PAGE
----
Congenital hand defects are very common affecting 1 in every 1000 live births.
Polydactyly: Most common hand defects are polydactyly or extra fingers. These fingers may be fully formed or rudimentary. Poorly formed fingers can be removed in clinics or bedside at birth only. I remove such fingers early after birth as they may get gangrenous due to thin stalk. Fully formed fingers need a full-fledged operation theater setup with magnification facilities.
Saving adjacent fingers both form and function is important. At times I use parts from the extra finger to strengthen the existing fingers.
Syndactly: Fused fingers or syndactly is common 1 in every 2000 live births. Most commonly 2 fingers are fused. Sometimes all 4 or 5 fingers may be fused. Two-finger fusions can be corrected in a single surgery. Multiple fused fingers need more than 1 procedure. Excellent functional recovery is expected after the procedure.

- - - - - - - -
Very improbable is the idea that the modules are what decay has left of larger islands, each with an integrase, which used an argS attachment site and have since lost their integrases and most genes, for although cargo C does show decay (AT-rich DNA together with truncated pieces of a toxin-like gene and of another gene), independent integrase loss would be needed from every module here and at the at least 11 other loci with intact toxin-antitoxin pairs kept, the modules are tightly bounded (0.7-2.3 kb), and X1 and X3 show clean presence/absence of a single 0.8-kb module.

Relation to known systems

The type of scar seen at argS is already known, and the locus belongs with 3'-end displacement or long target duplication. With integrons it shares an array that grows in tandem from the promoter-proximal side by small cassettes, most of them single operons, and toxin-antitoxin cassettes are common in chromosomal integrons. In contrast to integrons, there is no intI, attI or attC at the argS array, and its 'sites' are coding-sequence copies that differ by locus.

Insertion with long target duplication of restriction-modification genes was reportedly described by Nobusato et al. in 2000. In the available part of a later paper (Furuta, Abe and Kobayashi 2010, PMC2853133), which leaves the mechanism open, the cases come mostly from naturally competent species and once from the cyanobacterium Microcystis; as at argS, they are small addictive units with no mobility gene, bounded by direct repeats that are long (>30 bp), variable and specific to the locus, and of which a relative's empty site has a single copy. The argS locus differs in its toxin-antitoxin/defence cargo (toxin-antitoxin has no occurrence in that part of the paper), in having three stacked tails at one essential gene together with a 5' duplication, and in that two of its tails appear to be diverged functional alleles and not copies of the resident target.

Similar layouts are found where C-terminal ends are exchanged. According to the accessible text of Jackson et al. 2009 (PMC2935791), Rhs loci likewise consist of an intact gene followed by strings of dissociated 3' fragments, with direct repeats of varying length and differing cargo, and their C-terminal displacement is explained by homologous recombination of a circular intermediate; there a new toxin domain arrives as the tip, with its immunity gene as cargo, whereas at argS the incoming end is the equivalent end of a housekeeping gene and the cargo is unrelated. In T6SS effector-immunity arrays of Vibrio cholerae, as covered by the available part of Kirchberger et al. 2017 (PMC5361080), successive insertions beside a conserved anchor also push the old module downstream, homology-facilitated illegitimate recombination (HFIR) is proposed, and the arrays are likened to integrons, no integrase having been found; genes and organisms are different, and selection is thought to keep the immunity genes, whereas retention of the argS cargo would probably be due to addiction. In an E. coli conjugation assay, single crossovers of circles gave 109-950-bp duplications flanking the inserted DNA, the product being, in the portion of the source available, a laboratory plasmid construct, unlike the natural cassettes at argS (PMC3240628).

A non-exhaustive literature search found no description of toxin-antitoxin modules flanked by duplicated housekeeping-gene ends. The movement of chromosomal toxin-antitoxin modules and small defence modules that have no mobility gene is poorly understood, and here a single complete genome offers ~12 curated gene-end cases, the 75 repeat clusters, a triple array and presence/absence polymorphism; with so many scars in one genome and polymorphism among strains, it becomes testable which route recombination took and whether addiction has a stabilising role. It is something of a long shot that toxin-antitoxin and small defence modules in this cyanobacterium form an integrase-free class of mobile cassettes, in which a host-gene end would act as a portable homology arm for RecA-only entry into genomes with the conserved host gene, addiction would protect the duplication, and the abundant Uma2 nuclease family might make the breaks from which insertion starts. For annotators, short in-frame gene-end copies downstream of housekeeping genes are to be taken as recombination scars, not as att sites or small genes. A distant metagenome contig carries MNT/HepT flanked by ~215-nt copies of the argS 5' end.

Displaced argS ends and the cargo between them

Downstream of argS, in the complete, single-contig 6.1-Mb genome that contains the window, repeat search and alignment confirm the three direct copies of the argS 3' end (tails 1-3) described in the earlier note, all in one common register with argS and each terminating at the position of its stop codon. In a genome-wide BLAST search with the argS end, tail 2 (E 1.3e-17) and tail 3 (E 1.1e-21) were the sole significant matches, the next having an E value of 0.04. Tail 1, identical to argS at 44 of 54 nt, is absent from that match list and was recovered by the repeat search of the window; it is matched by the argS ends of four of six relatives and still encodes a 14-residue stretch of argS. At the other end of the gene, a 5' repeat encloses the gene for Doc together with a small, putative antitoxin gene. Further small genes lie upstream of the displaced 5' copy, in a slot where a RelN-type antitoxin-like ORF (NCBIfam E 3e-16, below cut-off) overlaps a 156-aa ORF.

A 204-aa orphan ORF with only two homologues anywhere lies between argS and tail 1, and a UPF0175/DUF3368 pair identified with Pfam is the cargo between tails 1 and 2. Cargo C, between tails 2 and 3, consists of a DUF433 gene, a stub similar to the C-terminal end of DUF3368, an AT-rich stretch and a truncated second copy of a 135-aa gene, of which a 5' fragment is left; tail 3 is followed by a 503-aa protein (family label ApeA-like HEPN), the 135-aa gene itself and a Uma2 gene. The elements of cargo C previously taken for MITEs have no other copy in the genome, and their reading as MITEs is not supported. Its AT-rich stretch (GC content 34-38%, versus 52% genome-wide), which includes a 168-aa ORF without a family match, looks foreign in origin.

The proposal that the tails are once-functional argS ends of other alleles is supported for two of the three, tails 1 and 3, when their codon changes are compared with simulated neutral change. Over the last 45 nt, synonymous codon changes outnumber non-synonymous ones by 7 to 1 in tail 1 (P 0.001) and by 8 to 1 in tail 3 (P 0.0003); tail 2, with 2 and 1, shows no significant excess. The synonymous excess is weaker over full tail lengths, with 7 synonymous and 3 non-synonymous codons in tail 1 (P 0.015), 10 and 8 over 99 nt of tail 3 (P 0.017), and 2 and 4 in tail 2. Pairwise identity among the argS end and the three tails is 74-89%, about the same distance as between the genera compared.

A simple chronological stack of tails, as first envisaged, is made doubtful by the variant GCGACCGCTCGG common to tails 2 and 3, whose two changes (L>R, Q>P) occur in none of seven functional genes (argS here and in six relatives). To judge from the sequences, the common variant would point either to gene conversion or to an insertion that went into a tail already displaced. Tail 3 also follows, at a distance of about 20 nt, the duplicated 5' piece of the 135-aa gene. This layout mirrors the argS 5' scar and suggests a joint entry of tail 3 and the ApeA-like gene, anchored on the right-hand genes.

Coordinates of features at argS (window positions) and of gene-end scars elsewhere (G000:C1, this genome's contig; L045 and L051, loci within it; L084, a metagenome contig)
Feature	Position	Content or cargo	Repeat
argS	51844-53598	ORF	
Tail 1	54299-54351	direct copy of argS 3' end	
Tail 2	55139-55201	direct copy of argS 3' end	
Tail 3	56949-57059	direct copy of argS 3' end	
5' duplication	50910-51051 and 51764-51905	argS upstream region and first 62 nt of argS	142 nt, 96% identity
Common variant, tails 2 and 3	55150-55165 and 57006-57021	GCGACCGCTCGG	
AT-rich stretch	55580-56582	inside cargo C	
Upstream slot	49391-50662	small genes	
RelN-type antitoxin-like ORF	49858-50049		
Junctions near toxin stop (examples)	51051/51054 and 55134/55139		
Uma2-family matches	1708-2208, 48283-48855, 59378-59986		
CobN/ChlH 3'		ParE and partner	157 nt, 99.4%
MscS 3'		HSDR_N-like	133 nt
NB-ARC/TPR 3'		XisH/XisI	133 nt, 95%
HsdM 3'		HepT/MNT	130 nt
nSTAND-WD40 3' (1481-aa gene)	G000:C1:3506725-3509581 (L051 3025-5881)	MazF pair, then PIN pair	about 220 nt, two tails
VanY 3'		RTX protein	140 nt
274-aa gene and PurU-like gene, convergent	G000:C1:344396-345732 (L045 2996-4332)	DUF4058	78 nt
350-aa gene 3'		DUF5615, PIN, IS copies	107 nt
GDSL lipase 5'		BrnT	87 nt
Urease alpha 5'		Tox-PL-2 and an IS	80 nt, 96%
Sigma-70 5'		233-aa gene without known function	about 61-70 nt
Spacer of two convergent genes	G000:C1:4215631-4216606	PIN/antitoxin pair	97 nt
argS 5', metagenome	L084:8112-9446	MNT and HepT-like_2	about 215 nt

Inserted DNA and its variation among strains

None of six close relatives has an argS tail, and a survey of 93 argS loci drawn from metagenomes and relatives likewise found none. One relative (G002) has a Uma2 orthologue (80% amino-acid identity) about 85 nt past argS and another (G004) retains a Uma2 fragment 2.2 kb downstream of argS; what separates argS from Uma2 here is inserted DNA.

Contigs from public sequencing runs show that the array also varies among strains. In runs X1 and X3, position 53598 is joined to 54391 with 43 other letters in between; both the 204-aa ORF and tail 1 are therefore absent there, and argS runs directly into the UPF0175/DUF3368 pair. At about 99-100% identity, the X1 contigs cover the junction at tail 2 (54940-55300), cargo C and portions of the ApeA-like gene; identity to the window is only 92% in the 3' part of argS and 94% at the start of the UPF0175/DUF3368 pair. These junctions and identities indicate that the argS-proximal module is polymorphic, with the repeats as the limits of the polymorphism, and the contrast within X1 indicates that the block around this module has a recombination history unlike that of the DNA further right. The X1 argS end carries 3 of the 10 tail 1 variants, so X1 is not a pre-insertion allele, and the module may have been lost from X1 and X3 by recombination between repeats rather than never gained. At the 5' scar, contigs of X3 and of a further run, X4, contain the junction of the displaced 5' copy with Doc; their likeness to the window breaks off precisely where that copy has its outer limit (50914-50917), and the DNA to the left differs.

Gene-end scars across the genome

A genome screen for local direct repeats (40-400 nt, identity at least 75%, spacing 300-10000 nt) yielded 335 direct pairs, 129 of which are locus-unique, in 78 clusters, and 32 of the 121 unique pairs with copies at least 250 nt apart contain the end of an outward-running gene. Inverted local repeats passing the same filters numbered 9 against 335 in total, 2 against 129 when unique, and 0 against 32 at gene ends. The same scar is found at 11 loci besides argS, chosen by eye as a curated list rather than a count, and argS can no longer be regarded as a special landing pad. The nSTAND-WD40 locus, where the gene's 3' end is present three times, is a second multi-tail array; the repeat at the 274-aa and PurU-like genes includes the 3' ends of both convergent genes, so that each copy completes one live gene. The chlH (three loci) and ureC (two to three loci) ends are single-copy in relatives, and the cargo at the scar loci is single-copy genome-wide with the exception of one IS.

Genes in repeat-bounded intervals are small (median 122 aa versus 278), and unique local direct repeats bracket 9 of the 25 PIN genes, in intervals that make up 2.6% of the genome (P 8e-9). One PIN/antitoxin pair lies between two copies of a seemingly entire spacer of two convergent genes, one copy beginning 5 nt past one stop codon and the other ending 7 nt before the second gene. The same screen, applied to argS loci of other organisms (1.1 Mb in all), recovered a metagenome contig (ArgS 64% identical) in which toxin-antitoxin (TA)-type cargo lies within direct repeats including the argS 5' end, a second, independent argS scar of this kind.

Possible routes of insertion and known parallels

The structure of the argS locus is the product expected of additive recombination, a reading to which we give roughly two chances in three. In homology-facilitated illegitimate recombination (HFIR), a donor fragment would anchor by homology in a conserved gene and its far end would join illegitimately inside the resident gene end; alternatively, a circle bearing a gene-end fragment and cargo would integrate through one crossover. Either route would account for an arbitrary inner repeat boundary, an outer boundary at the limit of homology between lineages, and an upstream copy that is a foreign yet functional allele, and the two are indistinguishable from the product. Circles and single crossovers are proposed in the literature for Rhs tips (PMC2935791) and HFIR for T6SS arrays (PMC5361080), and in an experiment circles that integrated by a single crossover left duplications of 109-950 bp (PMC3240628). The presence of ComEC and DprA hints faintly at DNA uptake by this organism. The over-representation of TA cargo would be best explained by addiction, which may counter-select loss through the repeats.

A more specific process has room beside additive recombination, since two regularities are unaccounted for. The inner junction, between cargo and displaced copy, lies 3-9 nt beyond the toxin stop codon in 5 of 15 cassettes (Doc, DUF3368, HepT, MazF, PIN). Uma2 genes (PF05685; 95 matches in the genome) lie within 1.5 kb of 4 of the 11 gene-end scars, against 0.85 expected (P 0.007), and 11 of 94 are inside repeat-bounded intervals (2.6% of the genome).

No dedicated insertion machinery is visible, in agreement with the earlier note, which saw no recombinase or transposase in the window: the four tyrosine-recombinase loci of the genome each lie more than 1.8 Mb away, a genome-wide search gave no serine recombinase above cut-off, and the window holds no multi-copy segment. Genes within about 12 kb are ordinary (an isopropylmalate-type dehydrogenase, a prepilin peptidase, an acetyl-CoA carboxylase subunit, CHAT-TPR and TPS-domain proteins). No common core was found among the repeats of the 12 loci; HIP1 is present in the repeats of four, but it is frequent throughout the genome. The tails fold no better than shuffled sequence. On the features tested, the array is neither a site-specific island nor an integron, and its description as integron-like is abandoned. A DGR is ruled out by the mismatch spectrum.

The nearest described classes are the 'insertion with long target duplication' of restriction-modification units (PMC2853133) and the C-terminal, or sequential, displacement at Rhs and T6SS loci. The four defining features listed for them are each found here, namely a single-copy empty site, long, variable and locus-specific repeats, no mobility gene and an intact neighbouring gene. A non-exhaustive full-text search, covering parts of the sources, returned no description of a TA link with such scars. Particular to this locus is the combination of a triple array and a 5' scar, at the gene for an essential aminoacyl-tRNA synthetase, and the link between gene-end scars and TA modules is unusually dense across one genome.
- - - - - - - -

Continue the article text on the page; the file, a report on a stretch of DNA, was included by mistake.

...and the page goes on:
I prefer to separate 2 fingers in a single session, both hands/feet can be done in the same sitting for children. Adults one hand is done at a time.
Aplasia or Absent thumb: Thumb accounts for 40% of hand function. Absent or non-functional thumb disables a person. Absent thumb since birth is a rare occurrence. It can be managed by pollicization where the index finger is transposed to the thumb joint and works as the thumb. The second option is toe to thumb transfer where the great toe is transferred to the thumb for function.
Both procedures give excellent results, I prefer to do pollicization wherever possible. However, if conditions permit then toe to thumb transfer also gives very good results.